Yesterday, through a Bible reading plan on the YouVersion Bible app, I read Mark 10 and 11. In Mark 10, Jesus tells a rich man to sell all his possessions and give the money to the poor and then to follow him. He may or may not have literally meant for the rich man to sell everything, but he did mean we need to let go of something in order to follow Jesus and gain eternal life. After all, the Ten Commandments tell us not to have idols. That doesn’t just mean other gods, but other things we pursue in life besides God. The author of the plan, in fact, had to let go of his pride. And in a way, so do I.

God, thank you for showing me your presence in life. Thank you for loving me despite my imperfections. Help me overcome my self-righteous sense of pride. Help me realize that, like every human being, I am powerless over my sin. Help me draw closer to You through your only begottn Son. In Jesus’ name, Amen.

I Can Rest in Jesus

A few weeks ago, like I’ve mentioned before, my husband pointed out that I cannot and should not do life alone. I at once cannot and do not need to rely on myself alone to solve the puzzle that is life here on Earth. I have God to help me.

That same day, John 15:5 was the verse of the day on the Bible app I use. It has been on my mind ever since and could easily be one of my favorite verses so far. Oh yes, I know the Bible wasn’t originally written in chapters or verses and the wider context is important too. I will get to that.

“I am the vine; you are the branches. Whoever abides in me and I in him, he it is that bears much fruit, for apart from me you can do nothing.” (John 15:5 ESV)

This is good news! My husband was initially worried that I would be disappointed by the rest of this chapter, because, well, it is good news only to those who will listen. This verse, to me, however, captures both the positive and the negative message that the wider context of the chapter reveals: Jesus is the vine, while we are the branches. If we abide in him, we will prosper; if we don’t, we will perish.

Today, as I was thinking of what to write for my blog, I opened Bobby Schuller’s book You Are Beloved and saw him discuss this exact chapter. Schuller says that, in Greek, the word that is translated as “abide” in English, is “meno”. There is no literal translation for this word in either Dutch or English (the Dutch Bible translation I use says “remain in”). Meno, according to Schuller, means something like coming home to a warm place after having been in the cold for a long while. We can come home to Jesus.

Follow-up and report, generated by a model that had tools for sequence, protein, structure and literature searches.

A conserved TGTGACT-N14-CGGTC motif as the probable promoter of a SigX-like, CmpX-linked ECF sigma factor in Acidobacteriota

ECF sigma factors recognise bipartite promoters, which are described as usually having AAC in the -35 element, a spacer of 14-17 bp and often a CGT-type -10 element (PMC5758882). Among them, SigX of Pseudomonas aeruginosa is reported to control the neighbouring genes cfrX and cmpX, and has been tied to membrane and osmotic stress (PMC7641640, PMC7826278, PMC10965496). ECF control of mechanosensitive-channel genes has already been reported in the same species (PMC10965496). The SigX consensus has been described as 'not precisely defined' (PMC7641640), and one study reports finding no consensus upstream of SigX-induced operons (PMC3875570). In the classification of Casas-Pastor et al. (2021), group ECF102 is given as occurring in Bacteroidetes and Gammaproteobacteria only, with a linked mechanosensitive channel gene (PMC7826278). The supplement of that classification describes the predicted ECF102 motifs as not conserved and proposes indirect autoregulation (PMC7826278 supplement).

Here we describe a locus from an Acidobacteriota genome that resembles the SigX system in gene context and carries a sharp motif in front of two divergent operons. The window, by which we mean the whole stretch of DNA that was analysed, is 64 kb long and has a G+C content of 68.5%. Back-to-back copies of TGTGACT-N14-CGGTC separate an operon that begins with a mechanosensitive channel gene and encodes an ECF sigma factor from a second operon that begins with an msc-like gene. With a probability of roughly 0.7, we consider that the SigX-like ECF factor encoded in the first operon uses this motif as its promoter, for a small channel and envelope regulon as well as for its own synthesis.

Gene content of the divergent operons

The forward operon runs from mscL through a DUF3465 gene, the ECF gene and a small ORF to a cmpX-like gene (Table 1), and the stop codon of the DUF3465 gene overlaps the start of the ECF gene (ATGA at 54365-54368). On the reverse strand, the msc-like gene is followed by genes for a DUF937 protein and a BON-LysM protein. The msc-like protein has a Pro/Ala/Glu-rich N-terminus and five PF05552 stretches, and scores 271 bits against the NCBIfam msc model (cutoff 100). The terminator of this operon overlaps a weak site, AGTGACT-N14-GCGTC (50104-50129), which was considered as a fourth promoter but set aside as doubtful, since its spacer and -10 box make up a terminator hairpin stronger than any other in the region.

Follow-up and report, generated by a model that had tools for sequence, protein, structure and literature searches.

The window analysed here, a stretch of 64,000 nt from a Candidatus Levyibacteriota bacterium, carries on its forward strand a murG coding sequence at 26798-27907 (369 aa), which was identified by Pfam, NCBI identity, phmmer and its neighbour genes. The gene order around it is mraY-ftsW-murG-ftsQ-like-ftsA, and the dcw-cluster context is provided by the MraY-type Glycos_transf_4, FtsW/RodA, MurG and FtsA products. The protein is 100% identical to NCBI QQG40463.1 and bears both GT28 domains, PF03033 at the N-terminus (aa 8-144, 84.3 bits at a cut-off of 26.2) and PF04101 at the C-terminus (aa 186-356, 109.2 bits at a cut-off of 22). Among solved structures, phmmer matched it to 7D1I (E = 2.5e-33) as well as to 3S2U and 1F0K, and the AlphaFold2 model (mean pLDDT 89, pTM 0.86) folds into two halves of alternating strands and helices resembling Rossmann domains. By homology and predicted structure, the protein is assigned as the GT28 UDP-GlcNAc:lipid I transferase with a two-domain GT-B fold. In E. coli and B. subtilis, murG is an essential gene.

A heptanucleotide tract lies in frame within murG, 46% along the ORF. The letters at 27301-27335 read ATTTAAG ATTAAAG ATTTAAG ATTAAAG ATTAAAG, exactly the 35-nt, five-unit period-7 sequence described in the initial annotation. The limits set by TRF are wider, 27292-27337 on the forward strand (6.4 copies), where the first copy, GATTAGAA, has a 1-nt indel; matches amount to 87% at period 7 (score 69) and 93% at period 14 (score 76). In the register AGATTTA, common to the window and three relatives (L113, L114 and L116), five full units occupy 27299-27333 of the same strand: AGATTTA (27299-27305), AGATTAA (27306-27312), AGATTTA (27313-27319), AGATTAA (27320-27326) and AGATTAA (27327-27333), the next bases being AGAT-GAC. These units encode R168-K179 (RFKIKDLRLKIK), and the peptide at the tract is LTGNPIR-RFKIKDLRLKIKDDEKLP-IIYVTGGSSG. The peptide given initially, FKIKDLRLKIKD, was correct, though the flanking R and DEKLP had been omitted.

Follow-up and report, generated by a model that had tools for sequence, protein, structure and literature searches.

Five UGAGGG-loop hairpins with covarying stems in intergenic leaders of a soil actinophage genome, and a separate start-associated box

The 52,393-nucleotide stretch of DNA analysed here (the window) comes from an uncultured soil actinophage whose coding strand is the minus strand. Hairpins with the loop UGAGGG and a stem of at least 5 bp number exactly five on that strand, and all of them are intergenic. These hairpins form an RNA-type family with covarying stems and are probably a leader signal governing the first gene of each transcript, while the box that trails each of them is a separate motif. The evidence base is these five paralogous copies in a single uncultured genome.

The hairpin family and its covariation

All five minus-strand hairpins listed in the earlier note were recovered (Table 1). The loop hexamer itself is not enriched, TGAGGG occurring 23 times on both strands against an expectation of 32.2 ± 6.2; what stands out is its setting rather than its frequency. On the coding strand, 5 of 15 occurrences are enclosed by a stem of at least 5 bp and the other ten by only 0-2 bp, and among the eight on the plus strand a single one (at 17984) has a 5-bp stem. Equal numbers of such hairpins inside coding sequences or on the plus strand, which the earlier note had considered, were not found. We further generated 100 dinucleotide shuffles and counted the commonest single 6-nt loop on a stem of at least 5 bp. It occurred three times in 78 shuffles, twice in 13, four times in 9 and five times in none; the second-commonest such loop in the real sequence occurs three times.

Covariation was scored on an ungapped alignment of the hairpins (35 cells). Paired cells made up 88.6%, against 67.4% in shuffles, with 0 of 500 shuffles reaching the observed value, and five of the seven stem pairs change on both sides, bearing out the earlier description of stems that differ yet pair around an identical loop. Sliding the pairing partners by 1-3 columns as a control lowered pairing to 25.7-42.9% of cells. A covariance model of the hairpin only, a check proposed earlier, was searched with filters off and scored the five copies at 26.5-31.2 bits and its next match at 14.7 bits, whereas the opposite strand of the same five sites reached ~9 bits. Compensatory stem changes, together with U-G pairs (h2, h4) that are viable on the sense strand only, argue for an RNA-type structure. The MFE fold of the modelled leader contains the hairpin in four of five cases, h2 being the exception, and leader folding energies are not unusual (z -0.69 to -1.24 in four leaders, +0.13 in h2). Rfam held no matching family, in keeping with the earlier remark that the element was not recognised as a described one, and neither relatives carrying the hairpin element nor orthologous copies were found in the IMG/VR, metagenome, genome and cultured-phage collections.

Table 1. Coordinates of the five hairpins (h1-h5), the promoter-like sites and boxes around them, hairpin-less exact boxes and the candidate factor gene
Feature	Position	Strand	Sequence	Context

I loved the imagery Schuller evoked. As regular readers of this blog might know, I have never felt that I was truly “home” anywhere. No, not even in my current care facility. I didn’t feel very safe with my parents and, after I moved out, have been in so many places that were all temporary. Now that I can stay here, still, I struggle to believe it. Regardless though, in Jesus, I can rest and be home.

Schuller also makes it very clear that we can only truly love one another if we know God’s love for us. Through Jesus, we are loved in all our sinfulness. If we realize that God loves us, imperfections and all, we are able to extend this love to other people.

In my experience, this isn’t even a fully conscious choice. God’s grace extends to us, and due to that we are able to extend our grace and love to others. I am reminded, as I often am lately, of my music teacher’s telling me and my fellow students about a show on Dutch TV at the time called “God changes people”. Because the first several syllables of this phrase are the same as those in a Dutch swear word involving God, I was tempted to start cussing with God and then change my wording mid-sentence to “God changes people!” I still use God’s name in vain at times, but each time now, I am reminded of this. I credit God’s work in me for that.

I am linking up with Faith on Fire and Grace and Truth.

A Fresh Start in Jesus

Today’s Five Minute Friday prompt is “Fresh”. I couldn’t quite think of something to write on this topic at first. Then I read Kate’s original post.

She wrote that she took some fresh breaths of air before having to put on her face mask. Now I rarely wear a face mask, as I hardly ever go to public places. That being said, I definitely enjoy the fresh air. That’s why I went for three walks today despite my shoes getting damaged due to my having drop foot.